By Jules Price
Mike Hughes played for the Swans between 1983 and 1988, making 139 appearances for the club. However, after making 101 consecutive appearances and not missing a game for three years, Mike was advised by neurosurgeons not to continue as a full-time football player.
I remember going to Mike’s testimonial match against Tottenham Hotspur at the Vetch Field. It was the first time Paul Gascoigne played for Spurs after his transfer from Newcastle United. Gascoigne scored a 25-yard free kick that evening.
|Mike in action for the Swans in the 80s
I had the pleasure of watching Mike play in goals for many years when I was growing up and supporting the Swans. In my opinion he was one of the best ever keepers for the Swans. Therefore it is my absolute pleasure to be able to interview him.
Fans who were supporting the Swans during that period were very saddened to hear of Mike’s forced retirement. Still a Swansea City fan, here Mike tells us about the injury that forced him into retirement, the best player he played with and against and his ongoing love of the club.
(Note: Interview was carried out before the Malmo home game)
|Mike in the present day: still a Swans fan!
What is your favourite memory of playing for the Swans?
No one thing stands out for me apart from it being a dream come true for a kid to progress from the North Bank to the hallowed turf of the Vetch Field and play in front of the Jack Army. I always had tremendous support from them even through the not-so-great times.
Who was the best player in the Swans team at that time?
I played with some very good players in the eight years I spent at the club. The best by a mile even at his age was the late great Robbie James. The guy was a legend. The world's worst trainer but what a player and what a guy. Very sadly missed.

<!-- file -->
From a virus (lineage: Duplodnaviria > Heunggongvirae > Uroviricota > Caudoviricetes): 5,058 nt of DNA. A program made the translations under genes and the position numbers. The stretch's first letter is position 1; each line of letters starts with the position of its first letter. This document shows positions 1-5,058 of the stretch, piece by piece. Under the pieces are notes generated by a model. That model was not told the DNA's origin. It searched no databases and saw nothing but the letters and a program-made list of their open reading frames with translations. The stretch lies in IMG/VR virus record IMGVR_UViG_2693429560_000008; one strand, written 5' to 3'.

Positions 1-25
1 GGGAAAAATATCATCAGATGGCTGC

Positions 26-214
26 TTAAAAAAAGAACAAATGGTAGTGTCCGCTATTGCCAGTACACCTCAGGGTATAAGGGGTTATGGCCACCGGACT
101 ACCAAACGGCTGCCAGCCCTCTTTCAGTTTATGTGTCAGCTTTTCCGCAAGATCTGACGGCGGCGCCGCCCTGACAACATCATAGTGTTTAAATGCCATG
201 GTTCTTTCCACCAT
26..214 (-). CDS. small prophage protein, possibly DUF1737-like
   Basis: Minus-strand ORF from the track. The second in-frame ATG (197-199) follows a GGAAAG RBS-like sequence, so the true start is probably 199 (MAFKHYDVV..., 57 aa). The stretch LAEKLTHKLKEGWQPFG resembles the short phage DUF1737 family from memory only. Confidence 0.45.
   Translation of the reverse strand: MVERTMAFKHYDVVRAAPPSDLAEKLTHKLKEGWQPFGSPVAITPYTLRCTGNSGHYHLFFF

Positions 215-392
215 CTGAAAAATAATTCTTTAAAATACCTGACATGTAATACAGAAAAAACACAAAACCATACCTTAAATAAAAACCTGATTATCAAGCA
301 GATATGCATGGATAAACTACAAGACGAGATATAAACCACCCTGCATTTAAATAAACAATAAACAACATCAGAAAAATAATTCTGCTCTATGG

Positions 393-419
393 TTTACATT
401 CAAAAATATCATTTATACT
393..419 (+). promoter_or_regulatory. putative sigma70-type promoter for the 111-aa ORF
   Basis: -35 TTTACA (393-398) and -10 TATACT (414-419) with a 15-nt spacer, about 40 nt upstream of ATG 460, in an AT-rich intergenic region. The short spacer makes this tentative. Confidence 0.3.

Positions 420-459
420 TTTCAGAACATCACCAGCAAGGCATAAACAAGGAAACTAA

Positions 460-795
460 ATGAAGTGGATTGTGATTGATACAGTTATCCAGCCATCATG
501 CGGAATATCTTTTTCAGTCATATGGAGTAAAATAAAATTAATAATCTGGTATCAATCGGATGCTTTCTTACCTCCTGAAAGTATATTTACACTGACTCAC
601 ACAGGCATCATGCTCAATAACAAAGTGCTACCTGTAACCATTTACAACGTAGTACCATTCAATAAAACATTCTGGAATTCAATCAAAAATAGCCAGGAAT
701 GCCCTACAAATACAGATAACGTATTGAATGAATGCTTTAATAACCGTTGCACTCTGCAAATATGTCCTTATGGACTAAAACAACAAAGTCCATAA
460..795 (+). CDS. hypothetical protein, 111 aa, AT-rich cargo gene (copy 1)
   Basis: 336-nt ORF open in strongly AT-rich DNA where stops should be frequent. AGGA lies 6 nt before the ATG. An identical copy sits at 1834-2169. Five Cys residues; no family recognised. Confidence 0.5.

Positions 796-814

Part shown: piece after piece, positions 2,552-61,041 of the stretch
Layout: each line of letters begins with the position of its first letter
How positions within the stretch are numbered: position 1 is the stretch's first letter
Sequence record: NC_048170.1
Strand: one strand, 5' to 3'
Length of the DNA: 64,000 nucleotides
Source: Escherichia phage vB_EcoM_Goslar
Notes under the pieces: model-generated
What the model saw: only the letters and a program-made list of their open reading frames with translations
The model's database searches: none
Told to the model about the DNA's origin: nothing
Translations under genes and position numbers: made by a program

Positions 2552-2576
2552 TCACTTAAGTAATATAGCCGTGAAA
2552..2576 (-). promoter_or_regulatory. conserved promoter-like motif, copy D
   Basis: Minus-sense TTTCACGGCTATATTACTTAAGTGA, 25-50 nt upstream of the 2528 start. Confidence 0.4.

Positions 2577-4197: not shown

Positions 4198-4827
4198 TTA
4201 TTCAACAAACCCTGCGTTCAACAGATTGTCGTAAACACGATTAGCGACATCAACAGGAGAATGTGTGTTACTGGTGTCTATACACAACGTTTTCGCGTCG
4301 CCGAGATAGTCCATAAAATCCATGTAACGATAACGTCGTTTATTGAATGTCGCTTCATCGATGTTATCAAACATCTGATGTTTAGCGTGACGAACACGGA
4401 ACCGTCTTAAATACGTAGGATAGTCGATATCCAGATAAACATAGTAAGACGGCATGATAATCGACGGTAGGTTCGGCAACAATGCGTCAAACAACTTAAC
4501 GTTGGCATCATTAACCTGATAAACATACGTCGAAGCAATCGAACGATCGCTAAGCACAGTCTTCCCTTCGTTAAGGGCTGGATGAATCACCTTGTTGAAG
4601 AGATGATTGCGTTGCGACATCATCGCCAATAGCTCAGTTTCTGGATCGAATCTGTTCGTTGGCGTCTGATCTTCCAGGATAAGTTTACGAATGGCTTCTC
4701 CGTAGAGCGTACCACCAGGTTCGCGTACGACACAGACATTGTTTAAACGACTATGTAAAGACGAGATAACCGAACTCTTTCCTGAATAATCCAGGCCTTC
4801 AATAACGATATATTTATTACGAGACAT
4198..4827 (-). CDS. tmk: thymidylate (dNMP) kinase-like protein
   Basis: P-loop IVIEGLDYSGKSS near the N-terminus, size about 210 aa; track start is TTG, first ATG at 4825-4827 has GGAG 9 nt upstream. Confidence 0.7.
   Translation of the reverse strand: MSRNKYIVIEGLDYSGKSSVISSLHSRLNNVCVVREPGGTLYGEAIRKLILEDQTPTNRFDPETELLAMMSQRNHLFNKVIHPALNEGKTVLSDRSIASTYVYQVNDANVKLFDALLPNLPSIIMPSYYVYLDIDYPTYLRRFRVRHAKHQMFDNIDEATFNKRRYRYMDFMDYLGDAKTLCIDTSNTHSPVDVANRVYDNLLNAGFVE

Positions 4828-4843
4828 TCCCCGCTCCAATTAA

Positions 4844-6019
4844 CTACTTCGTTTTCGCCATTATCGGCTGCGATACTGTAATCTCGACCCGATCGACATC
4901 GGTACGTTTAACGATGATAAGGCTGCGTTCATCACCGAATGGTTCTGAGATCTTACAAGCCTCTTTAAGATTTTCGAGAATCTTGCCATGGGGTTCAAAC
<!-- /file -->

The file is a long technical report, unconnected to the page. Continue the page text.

Who was the best player you played against?
Probably Kevin Keegan at Newcastle. We kept them out for 80 minutes until he changed the game with a piece of magic only someone of his ability would have produced. Class.
What were the symptoms/illness that caused you to retire early?
I received two bouts of concussion during games at home to Bristol City pre-season and again at Crewe four months later and could not shake off the headaches. Following a scan at the hospital, neurosurgeons informed me that it was too great a risk to continue as a full time player. To say I was devastated was an understatement as I had not missed a first team game for nearly three years and had played 101 consecutive games at that point.
Your testimonial match was against Spurs when Paul Gascoigne played his first ever game for Tottenham. What are your memories from that game?
To be honest not a lot. I still have the game on video and have never watched it apart from the after match events in town. Not the happiest of memories to be honest.
Do you keep in touch with any of your old teammates?
Not on a regular basis but I have seen a few of them at various games and it is always nice to catch up.
What did you do after your retirement from professional football?
I initially worked in the financial services sector until joining HM Prison Service at Swansea in 1990. I then spent 13 years as a Physical Education Officer at various establishments before taking a managers role at HM Prison Chelmsford, where I have worked for the past 11 years.
What was the last Swans game that you went to?
Southampton at home last season, but as I write I will be at the Malmo game. I was at all the London games last season and it was a fantastic experience seeing us win at QPR, Arsenal, Chelsea and Fulham as well as drawing at Norwich.
Since your retirement the Swans have had some great keepers including Roger Freestone, Rhys Wilmot, and Michel Vorm. In your opinion who had been the best ever Swans goalkeeper?
To be honest, I would have thrown Dorus de Vries in there as well for the contribution he made before his very poor lapse in judgement to leave! 24 clean sheets in a season - wow! However, despite Michel Vorm being our number one, I am personally a big fan of Gerhard Tremmel and would like to see him get more game time after his exploits last season.
Finally, do you think the Swans can keep on progressing? Ultimately what do you think they can achieve?
Why not? But when you are up against the likes of Man City and Chelsea who have billionaire owners, we have to be realistic. To finish ninth and win the League Cup was beyond everybody's dreams last season. I guess to match this again and make a reasonable mark in Europe will be progression this season. I for one cannot wait - starting with Malmo. COYS!
A big thank you to Mike for taking the time to answer these questions.You can follow Mike on Twitter @mike_hughes01 and you can follow Jules via @jpswansea.